A basic dashboard for Docker that makes using Docker for local dev less fart-a-licious
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README.md

foxy



obligatory screen shot

what is?

Foxy is a python-powered dashboard designed to make using docker for local development easier. While there are many other dashboards available for docker, they are all focused primarily on the needs of dev-ops personnel running a cluster. A developer using docker to create a sandbox production environment on her workstation has different needs. Foxy meets those needs by providing meaningful information on what containers are available on the system, what ports are available on the containers, links to open any web-accesible services in the container, and the means to start/stop containers from the dashboard. Ports are displayed along with a name indicating what service it's attached to, and may be grouped together in the dash. For example, the Hadoop ecosystem has many constitutent technologies, HDFS, Hadoop, Spark, Yarn, etc., each of which has one or more network ports used to interact with the service. Foxy can group all of the ports for a given service together on the display so you don't have to hunt around for them.


how to use?

associate meta-data with a docker file

The first thing you're going to need to do is associate metadata with the docker file you're planning on using to build your container. If you've already got a container(s), you can still use foxy to start, stop, or display the docker inspect report, but you won't be able to view the port resolution tables or have one-click access to available web services.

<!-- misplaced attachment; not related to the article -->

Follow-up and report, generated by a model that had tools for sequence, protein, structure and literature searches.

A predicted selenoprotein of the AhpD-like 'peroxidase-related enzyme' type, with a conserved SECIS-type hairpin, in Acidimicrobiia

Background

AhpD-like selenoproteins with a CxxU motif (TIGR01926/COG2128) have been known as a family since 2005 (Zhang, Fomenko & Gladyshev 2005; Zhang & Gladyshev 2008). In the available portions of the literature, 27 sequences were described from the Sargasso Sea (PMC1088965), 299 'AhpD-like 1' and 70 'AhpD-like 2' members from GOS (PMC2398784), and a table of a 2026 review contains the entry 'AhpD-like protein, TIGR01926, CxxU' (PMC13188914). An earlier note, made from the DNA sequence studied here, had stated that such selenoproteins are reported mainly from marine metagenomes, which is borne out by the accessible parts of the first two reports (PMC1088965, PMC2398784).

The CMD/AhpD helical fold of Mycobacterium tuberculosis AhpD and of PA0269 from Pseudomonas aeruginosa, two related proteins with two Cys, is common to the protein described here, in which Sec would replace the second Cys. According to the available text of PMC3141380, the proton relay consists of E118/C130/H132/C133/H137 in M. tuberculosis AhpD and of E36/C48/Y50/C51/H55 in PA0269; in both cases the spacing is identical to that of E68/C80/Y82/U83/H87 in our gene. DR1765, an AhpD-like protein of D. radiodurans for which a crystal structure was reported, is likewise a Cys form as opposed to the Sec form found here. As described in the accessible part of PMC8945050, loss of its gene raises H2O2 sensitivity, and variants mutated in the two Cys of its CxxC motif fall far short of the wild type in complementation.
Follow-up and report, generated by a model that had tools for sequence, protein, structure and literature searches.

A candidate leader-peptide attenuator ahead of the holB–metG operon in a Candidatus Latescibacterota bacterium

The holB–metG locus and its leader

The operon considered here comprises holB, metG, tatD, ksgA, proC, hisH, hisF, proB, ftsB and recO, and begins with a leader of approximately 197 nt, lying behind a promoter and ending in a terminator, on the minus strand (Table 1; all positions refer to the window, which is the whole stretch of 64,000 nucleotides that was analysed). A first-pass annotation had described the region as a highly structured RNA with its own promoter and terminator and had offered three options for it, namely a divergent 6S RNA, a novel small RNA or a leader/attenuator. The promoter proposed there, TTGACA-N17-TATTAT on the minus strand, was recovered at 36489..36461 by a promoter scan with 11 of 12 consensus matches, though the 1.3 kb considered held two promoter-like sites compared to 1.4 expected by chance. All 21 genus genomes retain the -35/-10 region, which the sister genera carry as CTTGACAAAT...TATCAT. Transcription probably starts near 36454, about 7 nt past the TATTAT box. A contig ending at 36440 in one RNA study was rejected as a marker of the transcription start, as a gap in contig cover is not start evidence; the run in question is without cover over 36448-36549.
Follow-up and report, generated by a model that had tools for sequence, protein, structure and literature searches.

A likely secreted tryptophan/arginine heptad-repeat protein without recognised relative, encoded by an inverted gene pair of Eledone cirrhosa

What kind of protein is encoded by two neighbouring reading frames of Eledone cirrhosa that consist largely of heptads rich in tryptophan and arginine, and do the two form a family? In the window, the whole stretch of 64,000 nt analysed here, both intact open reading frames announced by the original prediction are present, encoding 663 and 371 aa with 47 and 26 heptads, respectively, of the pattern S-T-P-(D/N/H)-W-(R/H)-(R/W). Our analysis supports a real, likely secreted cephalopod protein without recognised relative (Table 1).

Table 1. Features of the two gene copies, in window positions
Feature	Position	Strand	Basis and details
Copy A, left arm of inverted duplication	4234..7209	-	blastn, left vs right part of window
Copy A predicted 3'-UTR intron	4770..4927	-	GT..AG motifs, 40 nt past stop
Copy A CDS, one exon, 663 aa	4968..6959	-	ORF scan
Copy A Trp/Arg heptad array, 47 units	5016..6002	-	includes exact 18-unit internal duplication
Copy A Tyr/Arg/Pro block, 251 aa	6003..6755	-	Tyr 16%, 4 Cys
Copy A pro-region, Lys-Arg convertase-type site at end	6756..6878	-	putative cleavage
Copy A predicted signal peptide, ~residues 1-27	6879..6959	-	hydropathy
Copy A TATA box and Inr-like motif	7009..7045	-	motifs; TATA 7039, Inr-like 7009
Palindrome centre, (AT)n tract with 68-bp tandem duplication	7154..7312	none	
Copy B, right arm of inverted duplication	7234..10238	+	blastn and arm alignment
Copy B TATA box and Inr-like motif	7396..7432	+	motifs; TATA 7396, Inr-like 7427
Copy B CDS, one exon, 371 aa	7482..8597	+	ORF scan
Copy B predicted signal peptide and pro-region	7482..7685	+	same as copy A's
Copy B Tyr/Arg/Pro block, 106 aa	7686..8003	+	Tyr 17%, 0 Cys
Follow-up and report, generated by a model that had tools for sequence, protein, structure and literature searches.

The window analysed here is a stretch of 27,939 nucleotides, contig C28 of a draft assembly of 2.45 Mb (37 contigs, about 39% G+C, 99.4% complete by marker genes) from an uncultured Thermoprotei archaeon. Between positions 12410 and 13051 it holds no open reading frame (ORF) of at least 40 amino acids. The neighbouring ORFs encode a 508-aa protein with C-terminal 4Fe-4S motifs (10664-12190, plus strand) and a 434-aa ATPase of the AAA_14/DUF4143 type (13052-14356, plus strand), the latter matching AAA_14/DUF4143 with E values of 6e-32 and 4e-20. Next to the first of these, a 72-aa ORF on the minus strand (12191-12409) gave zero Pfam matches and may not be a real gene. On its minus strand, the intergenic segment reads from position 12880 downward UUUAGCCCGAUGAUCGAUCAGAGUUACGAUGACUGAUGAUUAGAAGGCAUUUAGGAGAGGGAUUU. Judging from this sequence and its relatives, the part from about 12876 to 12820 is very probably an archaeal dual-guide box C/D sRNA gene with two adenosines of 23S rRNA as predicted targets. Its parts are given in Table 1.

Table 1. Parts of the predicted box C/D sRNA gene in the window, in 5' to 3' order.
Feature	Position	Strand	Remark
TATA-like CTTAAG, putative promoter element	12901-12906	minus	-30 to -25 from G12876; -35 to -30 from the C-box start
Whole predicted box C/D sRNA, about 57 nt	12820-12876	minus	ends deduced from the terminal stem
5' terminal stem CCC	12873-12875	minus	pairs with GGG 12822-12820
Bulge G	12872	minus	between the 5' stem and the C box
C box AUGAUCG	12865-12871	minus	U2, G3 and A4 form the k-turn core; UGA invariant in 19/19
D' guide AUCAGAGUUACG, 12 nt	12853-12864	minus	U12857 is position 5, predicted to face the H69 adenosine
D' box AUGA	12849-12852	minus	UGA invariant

Foxy metadata is associated with the LABEL tag in a dockerfile. Below is an example of what this might look like for a containerized cloudera cdh stack:

LABEL \
      #
      # group jupyter
          foxy.6666.name="notebook" \
          foxy.6666.group="jupyter" \
          foxy.6666.attribute="web" \
      #
      # group HDFS
          foxy.8020.name="NameNode" \
          foxy.8020.group="HDFS" \
      
          foxy.50470.name="NameNode HTTPS UI" \
          foxy.50470.group="HDFS" \
          foxy.50470.attribute="web" \
      
          foxy.50075.name="DataNode UI" \
          foxy.50075.group="HDFS" \
          foxy.50075.attribute="web" \
      #
      # group Yarn
          foxy.8088.name="Resource Manager UI" \
          foxy.8088.group="Yarn" \
          foxy.8088.attribute="web" \
      
          foxy.8042.name="Node Manager" \
          foxy.8042.group="Yarn" \
          foxy.8042.attribute="web" \
      
          foxy.8040.name="Node Manager Localizer" \
          foxy.8040.group="Yarn" \
      #    
      # group Spark
          foxy.4040.name="Local Client Driver HTTP UI" \
          foxy.4040.group="Spark" \
          foxy.4040.attribute="web" \
      #
      # group Hadoop
          foxy.19888.name="MapReduce JobHistory UI" \
          foxy.19888.group="Hadoop" \
          foxy.19888.attribute="web" \
      #
      # group ZooKeeper